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Crime & Justiceby Fern Shen2:51 pmJun 22, 20200

Activists warn Mayor Young they plan to take down Baltimore’s Columbus monuments

The mayor’s office is aware of the threat but declined to say what action it may take – or whether extra security has been put in place

Above: Some activists are threatening to tear down the Columbus monument at Eastern Avenue and President Street in Little Italy. (Louis Krauss)

The warning that activists will try to knock down Baltimore’s Columbus monuments was issued explicitly and publicly on Twitter:

“We don’t think these Columbus monuments have much time left anymore. @mayorbcyoung, 72 hours sounds like plenty of time for y’all to take them down. can’t guarantee they’ll still be standing after that,” @BmoreBloc tweeted yesterday at 9:47 a.m.

A renewed threat was issued today:

“good morning @mayorbcyoung got about 48 hours left [to] decide if the city will remove these racist monuments or if you’re leaving it up to The People to handle.”

Asked to respond to the threat, the mayor’s spokesman, Lester Davis, said this afternoon, “I believe the city is aware of it.”

He declined to say whether the city was providing extra security for the monuments or whether it planned to take any other actions.

U.S. Monuments Targeted

The warning comes amid the continued protests in the U.S. and around the world following the killing last month of George Floyd, a Black man who died after a Minneapolis police officer knelt on his neck for nearly nine minutes.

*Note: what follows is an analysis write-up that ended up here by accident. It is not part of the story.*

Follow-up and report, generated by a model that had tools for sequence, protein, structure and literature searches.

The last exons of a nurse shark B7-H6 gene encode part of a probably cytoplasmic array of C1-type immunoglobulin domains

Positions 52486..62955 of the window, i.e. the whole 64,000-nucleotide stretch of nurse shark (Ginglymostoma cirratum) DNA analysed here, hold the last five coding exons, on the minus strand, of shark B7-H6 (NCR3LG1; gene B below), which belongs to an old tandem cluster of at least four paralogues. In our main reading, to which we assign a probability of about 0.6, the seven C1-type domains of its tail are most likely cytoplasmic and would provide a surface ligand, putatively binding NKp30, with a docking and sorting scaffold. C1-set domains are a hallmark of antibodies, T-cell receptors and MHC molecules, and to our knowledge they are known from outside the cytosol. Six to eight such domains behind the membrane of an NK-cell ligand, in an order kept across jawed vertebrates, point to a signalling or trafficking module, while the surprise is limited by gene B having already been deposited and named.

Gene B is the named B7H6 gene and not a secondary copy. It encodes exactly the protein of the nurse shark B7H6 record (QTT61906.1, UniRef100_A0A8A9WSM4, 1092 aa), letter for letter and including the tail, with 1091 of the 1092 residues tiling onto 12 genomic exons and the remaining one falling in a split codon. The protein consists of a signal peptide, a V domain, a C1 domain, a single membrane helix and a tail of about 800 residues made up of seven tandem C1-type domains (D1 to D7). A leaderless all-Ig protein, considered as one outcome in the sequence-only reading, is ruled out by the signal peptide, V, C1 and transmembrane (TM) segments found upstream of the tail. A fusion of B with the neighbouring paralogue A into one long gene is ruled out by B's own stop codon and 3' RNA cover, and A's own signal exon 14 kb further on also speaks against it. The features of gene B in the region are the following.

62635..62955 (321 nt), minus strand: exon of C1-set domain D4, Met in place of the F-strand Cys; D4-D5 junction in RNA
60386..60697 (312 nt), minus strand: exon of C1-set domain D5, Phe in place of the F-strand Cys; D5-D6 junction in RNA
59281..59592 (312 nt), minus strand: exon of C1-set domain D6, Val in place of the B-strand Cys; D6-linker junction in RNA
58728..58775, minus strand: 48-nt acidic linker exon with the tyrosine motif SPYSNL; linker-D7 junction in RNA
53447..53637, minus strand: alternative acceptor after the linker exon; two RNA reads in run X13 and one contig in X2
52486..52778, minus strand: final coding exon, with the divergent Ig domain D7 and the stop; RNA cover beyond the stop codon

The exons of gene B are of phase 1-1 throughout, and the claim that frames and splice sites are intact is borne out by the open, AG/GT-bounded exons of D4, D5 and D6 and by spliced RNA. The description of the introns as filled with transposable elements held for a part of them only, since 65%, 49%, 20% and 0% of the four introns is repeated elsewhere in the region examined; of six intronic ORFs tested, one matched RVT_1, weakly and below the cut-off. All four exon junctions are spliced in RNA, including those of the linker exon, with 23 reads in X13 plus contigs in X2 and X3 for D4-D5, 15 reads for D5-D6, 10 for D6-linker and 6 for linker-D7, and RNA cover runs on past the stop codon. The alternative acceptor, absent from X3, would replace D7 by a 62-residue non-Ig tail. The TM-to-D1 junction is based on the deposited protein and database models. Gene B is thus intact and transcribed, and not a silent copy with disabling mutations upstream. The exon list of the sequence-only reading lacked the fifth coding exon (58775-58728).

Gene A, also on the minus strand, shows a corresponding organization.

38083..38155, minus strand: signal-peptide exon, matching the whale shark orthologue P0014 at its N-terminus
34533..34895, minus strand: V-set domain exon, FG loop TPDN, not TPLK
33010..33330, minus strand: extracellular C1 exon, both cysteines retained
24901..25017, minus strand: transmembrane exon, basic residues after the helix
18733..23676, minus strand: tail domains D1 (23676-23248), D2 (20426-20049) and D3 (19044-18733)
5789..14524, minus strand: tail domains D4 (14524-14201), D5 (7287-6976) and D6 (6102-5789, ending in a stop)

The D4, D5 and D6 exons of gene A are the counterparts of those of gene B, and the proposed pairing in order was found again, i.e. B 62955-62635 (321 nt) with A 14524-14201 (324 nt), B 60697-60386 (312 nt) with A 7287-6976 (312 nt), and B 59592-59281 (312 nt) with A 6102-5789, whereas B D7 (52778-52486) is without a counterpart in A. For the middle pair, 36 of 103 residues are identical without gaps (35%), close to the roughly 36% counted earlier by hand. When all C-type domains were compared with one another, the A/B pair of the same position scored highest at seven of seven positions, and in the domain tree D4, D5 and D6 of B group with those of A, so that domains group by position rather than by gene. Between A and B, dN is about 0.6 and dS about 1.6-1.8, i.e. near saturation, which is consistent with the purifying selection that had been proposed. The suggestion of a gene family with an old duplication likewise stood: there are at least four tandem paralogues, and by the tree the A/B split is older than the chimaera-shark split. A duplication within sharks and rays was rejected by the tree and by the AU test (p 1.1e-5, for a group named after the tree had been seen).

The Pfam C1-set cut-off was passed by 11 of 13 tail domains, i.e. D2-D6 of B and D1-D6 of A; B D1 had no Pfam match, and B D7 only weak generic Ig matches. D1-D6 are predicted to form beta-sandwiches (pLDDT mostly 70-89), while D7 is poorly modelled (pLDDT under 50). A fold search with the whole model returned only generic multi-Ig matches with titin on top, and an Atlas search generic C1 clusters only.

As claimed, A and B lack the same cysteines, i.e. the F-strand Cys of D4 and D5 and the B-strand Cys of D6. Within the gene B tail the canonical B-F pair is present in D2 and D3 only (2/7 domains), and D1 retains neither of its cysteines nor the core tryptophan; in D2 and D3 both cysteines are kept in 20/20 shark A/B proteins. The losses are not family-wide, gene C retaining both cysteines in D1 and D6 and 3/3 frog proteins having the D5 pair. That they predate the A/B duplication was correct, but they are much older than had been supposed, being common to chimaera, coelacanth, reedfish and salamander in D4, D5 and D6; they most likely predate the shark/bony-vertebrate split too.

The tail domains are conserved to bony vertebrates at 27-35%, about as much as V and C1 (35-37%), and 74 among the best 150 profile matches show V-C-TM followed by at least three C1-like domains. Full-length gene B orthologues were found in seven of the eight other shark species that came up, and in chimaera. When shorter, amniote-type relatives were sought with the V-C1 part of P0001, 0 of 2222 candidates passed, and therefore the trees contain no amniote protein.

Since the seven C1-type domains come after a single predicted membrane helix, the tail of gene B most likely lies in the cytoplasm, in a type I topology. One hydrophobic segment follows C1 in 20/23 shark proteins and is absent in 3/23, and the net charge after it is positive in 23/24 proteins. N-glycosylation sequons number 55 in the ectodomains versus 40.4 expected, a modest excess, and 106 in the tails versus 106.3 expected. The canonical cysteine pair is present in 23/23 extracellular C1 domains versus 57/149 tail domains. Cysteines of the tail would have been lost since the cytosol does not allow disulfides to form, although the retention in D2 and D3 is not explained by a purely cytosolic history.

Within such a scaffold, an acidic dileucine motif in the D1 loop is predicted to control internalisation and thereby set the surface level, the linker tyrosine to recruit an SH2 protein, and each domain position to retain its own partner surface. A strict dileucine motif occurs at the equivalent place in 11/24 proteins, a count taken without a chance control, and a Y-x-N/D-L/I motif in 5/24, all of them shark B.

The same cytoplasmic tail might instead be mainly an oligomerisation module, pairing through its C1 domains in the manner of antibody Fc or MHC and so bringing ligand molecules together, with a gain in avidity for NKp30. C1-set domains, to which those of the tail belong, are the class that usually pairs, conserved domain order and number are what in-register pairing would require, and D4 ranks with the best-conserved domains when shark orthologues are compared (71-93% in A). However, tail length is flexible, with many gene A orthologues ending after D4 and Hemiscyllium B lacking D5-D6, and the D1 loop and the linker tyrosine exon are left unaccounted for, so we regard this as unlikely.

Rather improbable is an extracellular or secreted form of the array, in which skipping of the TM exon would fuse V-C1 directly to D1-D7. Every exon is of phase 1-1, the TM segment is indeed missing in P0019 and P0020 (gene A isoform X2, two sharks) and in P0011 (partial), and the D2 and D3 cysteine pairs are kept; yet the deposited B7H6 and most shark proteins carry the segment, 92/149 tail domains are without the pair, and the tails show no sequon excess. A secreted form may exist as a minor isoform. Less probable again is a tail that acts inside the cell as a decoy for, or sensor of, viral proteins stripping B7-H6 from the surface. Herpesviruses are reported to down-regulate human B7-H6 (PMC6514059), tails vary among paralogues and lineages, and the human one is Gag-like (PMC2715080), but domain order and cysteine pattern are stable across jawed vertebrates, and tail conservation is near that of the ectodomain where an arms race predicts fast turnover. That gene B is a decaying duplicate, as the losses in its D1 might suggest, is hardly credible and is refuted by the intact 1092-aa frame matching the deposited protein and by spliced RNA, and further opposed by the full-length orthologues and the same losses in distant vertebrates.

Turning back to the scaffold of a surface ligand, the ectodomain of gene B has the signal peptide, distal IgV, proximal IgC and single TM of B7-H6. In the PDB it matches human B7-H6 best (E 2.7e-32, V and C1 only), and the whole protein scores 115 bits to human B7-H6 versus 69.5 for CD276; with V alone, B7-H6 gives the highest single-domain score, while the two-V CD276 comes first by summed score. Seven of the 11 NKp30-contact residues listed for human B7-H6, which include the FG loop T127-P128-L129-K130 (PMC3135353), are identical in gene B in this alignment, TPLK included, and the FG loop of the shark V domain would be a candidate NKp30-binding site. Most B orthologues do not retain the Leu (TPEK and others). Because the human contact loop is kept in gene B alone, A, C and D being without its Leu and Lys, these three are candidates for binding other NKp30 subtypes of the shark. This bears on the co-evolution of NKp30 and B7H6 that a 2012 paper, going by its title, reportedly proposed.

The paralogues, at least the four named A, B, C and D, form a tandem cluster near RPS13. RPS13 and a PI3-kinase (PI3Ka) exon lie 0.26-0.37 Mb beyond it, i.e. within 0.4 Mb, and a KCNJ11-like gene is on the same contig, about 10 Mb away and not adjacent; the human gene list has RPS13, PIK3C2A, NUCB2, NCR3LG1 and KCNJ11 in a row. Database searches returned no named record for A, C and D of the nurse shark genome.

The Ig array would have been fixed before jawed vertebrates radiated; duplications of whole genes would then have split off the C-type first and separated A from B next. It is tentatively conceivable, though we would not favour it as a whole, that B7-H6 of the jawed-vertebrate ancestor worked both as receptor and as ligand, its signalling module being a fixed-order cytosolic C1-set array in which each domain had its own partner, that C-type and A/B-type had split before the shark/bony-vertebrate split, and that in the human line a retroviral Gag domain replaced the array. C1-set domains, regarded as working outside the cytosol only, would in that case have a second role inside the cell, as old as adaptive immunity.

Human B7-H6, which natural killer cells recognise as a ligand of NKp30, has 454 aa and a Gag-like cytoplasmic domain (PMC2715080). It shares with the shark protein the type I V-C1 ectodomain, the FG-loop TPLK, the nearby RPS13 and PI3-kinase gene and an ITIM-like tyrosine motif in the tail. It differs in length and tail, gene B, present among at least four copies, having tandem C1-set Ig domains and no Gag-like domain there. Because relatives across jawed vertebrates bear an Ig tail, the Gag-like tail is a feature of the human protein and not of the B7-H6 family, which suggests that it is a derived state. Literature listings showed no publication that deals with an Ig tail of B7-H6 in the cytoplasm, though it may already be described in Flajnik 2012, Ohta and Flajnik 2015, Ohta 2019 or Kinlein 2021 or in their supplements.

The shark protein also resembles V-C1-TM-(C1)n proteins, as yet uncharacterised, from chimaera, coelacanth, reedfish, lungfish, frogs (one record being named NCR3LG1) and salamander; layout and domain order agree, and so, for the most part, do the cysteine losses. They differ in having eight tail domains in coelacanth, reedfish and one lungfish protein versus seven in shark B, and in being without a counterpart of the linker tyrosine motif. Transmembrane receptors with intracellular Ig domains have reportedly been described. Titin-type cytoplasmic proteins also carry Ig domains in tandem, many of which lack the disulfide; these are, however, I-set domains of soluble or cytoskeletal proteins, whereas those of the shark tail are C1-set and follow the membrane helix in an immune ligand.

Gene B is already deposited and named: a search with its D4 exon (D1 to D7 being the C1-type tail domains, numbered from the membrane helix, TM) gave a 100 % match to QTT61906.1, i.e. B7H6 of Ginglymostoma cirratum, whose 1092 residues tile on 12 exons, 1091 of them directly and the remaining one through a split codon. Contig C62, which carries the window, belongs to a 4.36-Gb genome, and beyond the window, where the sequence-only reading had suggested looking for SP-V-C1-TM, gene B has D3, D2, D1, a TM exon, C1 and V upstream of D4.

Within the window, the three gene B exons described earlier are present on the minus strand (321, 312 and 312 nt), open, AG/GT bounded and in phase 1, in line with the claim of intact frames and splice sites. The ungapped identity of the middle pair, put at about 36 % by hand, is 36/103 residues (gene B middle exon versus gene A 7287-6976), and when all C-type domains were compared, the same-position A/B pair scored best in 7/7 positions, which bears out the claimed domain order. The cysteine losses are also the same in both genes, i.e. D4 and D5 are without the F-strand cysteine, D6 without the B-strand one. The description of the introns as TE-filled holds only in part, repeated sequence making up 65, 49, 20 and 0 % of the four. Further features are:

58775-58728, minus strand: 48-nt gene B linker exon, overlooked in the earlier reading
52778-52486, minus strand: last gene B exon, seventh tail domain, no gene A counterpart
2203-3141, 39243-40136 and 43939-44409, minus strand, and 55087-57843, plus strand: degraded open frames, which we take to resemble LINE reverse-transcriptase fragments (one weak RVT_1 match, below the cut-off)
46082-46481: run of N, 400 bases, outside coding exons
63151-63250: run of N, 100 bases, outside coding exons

In North Carolina on Friday, crowds pulled down two Confederate statues on the grounds of the state Capitol. In Washington, a statue of Confederate General Albert Pike was toppled and set ablaze.

Monuments to Christopher Columbus have been targeted, too. In Richmond, Va., a statue of the Italian navigator and colonizer  was spray-painted, set on fire and thrown into a lake earlier this month.

Leaders in a number of cities – including Richmond, Jacksonville and Indianapolis – have quickly moved to remove Confederate statues and memorials as the public furor over them has heightened.

Remove or Rename?

Baltimore leaders have addressed the Confederate statue issue before.

Amid vows by local activists to take them down, then-mayor Catherine Pugh had four monuments removed overnight in 2017 – three honoring Confederate War figures and one a statue of Roger B. Taney, who authored of the 1857 Dred Scott decision, in which the Supreme Court held that the constitution was not meant to include U.S. citizenship for black people.

Over the weekend, the statue of George Washington in Baltimore’s Druid Hill Park was vandalized with red paint. Graffiti written on the base includes “Destroy racists” and “BLM Fuck12,” according to photos posted by @BmoreBloc.

In its online comments on the Columbus statues, the group notes that there are three of them in Baltimore.

The one at Druid Hill Park is within the fenced-off construction area around the Druid Lake reservoir.

Another city monument to the explorer, located in Heinz Park at Harford Road, Walther Avenue and Parkside Drive, was severely vandalized in 2017 but still stands.

Inscription on the Memorial to explorer Christoper Columbus, smashed apparently last in the early hours of the morning. (Fern Shen)

The monument to Christopher Columbus in Heinz Park after vandals defaced it in 2017. (Fern Shen)

A video at the time surfaced showing someone taking a sledgehamer to the base of the 44-foot-tall obelisk while a voice read a statement that said in part:

“Christopher Columbus symbolizes the initial invasion of European capitalism into the Western Hemisphere. Columbus initiated a centuries-old wave of terrorism, murder, genocide, rape, slavery, ecological degradation and capitalist exploitation of labor in the Americas. That Columbian wave of destruction continues on the backs of Indigenous, African-American and brown people.”

Councilman Ryan Dorsey introduced a bill (20-0548) at tonight’s City Council meeting that would rename the Columbus obelisk “The Police Violence Victims Monument.”

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